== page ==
For the second year in a row, Senator Rand Paul (R-KY) won the straw poll of attendees at the Conservative Political Action Conference. Paul secured 31 percent of the vote.
“The fight for liberty continues, and we must continue to stand up and say: We’re free and no one, no matter how well-intentioned, will take our freedoms from us,” Paul said in a statement. “Together we will stand up for the Constitution. Together we will fight for what is right.”
The annual poll asked CPAC attendees who they would vote for as the Republican nominee for president in 2016. A total of 2,459 votes were cast over the three-day conference; 46 percent of those surveyed were between the ages of 18-25.
The final results:
- Senator Rand Paul (KY): 31%
- Senator Ted Cruz (TX): 11%
- Neurosurgeon Ben Carson: 9%
- Governor Chris Christie (NJ): 8%
- Governor Scott Walker (WI): 7%
- Former Senator Rick Santorum (PA): 7%
- Senator Marco Rubio (FL): 6%
- Congressman Paul Ryan (WI): 3%
- Governor Rick Perry (TX): 3%
- Governor Bobby Jindal (LA): 2%
- Former Secretary of State Condoleezza Rice: 2%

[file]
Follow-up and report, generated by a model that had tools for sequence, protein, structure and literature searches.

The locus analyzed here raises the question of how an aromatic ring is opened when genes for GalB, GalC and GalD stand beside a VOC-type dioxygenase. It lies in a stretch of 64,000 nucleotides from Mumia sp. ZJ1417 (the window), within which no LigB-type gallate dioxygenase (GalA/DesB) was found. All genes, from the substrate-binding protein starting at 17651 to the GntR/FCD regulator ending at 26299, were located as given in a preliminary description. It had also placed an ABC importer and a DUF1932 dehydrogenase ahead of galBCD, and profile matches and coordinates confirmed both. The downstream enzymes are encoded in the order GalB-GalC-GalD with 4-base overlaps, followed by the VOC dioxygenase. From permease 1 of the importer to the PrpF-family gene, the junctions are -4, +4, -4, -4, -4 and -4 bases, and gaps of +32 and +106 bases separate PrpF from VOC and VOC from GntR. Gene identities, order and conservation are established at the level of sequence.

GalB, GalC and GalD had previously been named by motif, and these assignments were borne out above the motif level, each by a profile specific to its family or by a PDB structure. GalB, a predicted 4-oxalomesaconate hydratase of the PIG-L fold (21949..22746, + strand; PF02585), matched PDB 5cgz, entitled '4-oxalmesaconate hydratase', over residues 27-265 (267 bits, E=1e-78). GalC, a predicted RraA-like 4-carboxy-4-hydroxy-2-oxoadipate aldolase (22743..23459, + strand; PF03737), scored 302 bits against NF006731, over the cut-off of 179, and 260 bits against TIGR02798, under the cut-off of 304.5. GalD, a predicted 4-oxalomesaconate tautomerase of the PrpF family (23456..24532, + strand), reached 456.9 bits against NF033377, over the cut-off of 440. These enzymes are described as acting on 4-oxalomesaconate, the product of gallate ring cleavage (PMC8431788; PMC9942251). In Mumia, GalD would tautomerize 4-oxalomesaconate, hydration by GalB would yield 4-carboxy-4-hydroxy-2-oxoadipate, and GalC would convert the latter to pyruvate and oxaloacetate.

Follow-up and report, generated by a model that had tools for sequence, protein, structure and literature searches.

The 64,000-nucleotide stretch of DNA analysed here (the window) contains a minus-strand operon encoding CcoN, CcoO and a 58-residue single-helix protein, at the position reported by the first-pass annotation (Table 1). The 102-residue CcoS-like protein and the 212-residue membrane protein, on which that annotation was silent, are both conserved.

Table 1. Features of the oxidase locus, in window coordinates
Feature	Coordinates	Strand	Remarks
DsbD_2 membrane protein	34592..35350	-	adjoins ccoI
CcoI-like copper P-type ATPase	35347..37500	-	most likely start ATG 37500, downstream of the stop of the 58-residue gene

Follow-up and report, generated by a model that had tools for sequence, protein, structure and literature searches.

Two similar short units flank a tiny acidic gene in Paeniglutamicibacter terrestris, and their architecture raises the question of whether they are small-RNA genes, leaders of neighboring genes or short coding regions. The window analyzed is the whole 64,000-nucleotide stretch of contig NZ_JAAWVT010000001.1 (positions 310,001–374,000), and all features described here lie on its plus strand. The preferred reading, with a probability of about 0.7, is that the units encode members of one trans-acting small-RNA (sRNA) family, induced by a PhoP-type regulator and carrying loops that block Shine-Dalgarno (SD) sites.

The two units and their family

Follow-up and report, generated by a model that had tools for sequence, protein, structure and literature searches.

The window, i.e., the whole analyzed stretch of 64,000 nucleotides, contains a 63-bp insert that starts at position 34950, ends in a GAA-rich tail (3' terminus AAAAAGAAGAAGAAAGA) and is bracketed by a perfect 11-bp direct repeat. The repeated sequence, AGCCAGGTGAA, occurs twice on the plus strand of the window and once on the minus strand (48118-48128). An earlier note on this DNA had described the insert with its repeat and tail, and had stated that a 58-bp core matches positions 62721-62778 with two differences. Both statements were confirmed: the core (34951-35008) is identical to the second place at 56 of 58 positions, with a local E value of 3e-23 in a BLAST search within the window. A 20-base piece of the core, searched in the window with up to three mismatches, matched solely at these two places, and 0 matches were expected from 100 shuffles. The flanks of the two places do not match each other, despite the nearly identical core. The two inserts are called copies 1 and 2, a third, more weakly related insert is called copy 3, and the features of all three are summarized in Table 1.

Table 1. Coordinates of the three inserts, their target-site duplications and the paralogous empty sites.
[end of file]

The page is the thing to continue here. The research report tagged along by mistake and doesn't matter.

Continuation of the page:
- Former Governor Mike Huckabee (AR): 2%
- Former Governor Sarah Palin (AK): 2%
- Other: 9%
- Undecided: 1%
Paul improved on his performance last year, when he received 25 percent of the vote at CPAC 2013. His father, former Representative Ron Paul (R-TX), won the CPAC straw poll in 2010 and 2011.
Rubio, who placed second last year with 23 percent, dropped to seventh. Last year, Cruz and Carson finished in seventh with 4 percent.
Other notable results included:
- 98 percent said they disapproved of President Obama’s job performance, an increase of two percentage points from last year.
- Of those surveyed, 51 percent disapprove of Republicans in Congress — the first time in three years that disapproval runs higher than approval. Last year, 44 percent disapproved of Republicans’ job performance.
- When it comes to the United States’ role in the world, 52 percent said “it’s time for our
European, Asian and other allies to provide for their own defense.”
- 41 percent want marijuana to be legalized for recreational and medical use and taxed.
- 78 percent of respondents said their most important goal was to “promote individual freedom by reducing the size and scope of government and its intrusion into the lives of its citizens.”